Chevenement confirms that even as early as 2001, how the French view the values of the Republic having released the Algerian, the Tunisian, the Moroccan, and all Muslims said values have liberated from the arcane, the exotic, the antithesis of modernity, that Islam represents. Robespierre and the Declaration of the Rights of Man has set the views of France towards that which it deems unnecessary and superstitious, including the hijab in public schools and government offices, and it would seem that, at the very least, the ruling elites within Tunisia, Algeria, and Morocco have answered the call of the Mother Country. We are reminded of the words of Oliver Wendell Holmes when he wrote: Man’s mind stretched to a new idea never goes back to its original dimensions. And yet this is the task The One True and Living God has Placed for all of us, as the brothers and sisters of the Algerian, the Tunisian, and the Moroccan, while we recognize how arduous and nearly impossible it will be, though the words of Haddam and Souhila bint Sidi Moussa engender reason for hope. The great scholar 'Abd al-Rahman Ibn Muhammad Ibn Khaldun al-Hadrami of Tunis, who if one truly studies, is the father of economics; Algeria has Abdelhamid Ben Badis who was instrumental in the Islamic Reform movement while living under French colonial rule; Morocco has ibn Battuta, and the Saharan Berber ibn Yasin (whose descendants are currently being killed by Moroccan and Algerian authorities for no reason at all).[1] These Muslims represent the original and reveal what Islam, when chosen of the individual’s volition, can produce and contribute to the improvement of human history. Now it must be stated that when Islam, or any value system, is wielded for the self-delusional desires of the human mind, which include but are not limited to, fame, the messiah complex, revenge, hatred of a people or their value system-September 11, July 7, French colonialism and its detrimental effects are- self-evident consequences. Yet, how do we, as an Ummah, remind those who are Muslim of the benefit of their faith, their politics, and their notions of social justice, which are inherent in being Muslim. Again, how do we explain what was taken from them generations ago? How it was taken? Why it was taken? And how it is evident in their behavior, their thoughts, their tendencies, that they are nothing more than slaves of the French, even in their contemporary times? Harriet Tubman, herself a slave fugitive, who risked all in order to free others from bondage said: I freed a thousand slaves I could have freed a thousand more if only they knew they were slaves. More than money, armies, or elections, the people of al-Maghrib, as with the entire Ummah, need al Farabi’s Dialectical Theologians to liberate and release them from the psychological effects and social disease of the secularism of French Republican-Imperialism, colonialism, for it is that which makes them feel they are inferior, inadequate, and uncivilized. Simply stated, the existential crisis that plagues the people of Algeria, Tunisia, and Morocco is based on the values of the French Republic. It is these values and the draconian methods by which it was forced upon their parents and grandparents that make it normal for the ruling elites of al Maghrib to behave with complete disregard of the Fifteen Rights of Islamic Political Theory and the Declaration of the Rights of Man. The Algerian, Tunisian, and Moroccan governments are merely mimicking the actions of the French administrators who once controlled their respective nations. When any notion of resistance or trouble arose, the grand chieftains of the French colonial government suspended movement, instituted curfews, shut down newspapers, censored the freedom of speech, removed hijabs, ordered French troops to torture and kill, and did whatever was necessary, by any and all means necessary to maintain French law and order.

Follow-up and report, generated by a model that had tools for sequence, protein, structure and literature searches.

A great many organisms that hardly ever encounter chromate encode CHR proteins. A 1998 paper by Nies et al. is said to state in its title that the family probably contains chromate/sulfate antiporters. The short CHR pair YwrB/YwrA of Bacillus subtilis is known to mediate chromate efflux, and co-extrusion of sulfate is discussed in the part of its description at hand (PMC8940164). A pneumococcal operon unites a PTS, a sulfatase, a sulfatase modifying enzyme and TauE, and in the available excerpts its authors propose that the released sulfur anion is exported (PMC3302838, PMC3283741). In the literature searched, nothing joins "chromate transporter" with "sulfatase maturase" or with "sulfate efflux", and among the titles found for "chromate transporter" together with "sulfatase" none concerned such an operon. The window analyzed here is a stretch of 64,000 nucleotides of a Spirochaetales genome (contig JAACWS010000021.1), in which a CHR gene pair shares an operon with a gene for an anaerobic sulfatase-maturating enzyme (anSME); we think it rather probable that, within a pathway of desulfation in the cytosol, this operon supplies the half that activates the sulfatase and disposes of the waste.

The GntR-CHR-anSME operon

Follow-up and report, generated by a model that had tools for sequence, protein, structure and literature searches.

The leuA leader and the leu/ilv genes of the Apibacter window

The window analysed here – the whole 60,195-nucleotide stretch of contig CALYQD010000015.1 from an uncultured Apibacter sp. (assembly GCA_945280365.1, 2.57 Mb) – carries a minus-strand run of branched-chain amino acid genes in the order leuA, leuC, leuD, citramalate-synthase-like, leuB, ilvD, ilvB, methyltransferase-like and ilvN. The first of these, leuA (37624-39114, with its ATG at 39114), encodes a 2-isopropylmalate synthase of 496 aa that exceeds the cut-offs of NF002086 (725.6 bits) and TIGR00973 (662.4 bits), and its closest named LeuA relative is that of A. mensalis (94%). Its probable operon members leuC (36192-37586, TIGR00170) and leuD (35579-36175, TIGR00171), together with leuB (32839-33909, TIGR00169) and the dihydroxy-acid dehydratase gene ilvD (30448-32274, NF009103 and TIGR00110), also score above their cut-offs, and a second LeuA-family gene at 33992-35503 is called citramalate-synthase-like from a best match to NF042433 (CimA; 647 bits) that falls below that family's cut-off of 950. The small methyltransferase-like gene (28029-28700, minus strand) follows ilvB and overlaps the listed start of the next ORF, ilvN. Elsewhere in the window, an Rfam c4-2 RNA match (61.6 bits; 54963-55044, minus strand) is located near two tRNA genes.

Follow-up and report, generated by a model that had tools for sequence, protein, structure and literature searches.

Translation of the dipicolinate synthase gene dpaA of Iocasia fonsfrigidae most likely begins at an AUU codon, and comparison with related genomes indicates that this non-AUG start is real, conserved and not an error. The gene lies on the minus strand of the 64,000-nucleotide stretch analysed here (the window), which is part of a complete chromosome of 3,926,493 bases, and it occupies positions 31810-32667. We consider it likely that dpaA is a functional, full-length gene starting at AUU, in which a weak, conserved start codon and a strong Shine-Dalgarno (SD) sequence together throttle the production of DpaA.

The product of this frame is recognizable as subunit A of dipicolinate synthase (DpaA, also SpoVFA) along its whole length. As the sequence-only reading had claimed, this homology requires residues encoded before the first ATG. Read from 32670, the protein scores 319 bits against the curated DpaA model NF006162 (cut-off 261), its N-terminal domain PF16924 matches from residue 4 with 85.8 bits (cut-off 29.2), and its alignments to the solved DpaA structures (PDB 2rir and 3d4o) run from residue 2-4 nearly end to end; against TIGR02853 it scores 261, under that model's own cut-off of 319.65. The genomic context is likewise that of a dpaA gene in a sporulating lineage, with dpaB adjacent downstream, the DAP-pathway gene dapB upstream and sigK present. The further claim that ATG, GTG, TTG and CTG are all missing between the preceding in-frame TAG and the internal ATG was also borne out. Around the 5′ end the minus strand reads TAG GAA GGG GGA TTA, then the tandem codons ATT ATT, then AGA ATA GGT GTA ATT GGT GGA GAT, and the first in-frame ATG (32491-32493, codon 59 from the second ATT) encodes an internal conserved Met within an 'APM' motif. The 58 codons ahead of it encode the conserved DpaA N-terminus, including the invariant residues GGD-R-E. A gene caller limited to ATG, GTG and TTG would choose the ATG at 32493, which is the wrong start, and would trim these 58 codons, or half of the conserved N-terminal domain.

Thus, in Algeria when Abbasi Madani, a professor at the University of Algiers,[2]Ali Belhadj, and the Front Islamique du Salut offered a platform that included the Arabization of Algerian education system, a direct rejection of the French values and language which dominated the upper echelon of Algeria including its university system; dismantling the planned economy emphasizing competition in a private sector economy which would receive loans from banks within an interest free Islamic banking system; and began to win elections in Algeria. The pro-French Algerians, aided I would imagine by the French government and business community in need of Algerian petroleum, took power in a coup d’état. What could have been, Allahu Alim; but it must be again. Algeria is a prime example of what the West fears the most, and that is Muslims exercising their rights to political self-determination, rejecting post-colonial notions of progress and cultural emulation, and rebuilding viable, commercial, states in a Islamic framework. Chevenement confirms this, as does the complete inertia of the West towards the political and human rights abuses of Tunisia, Morocco, Libya, Egypt, and the entire Muslim world. The byproduct of this inertia, save for the destruction of movements like the FIS, is what transpired after the coup d’état in 1991 which claimed 200,000 lives. Idiots with guns, hatred, ignorance, extreme and always wrong ideological claims take matters into their own hands, which only further exacerbates the problem of freeing others from mental and psychological slavery. September 11, 2001 is a prime example of this byproduct.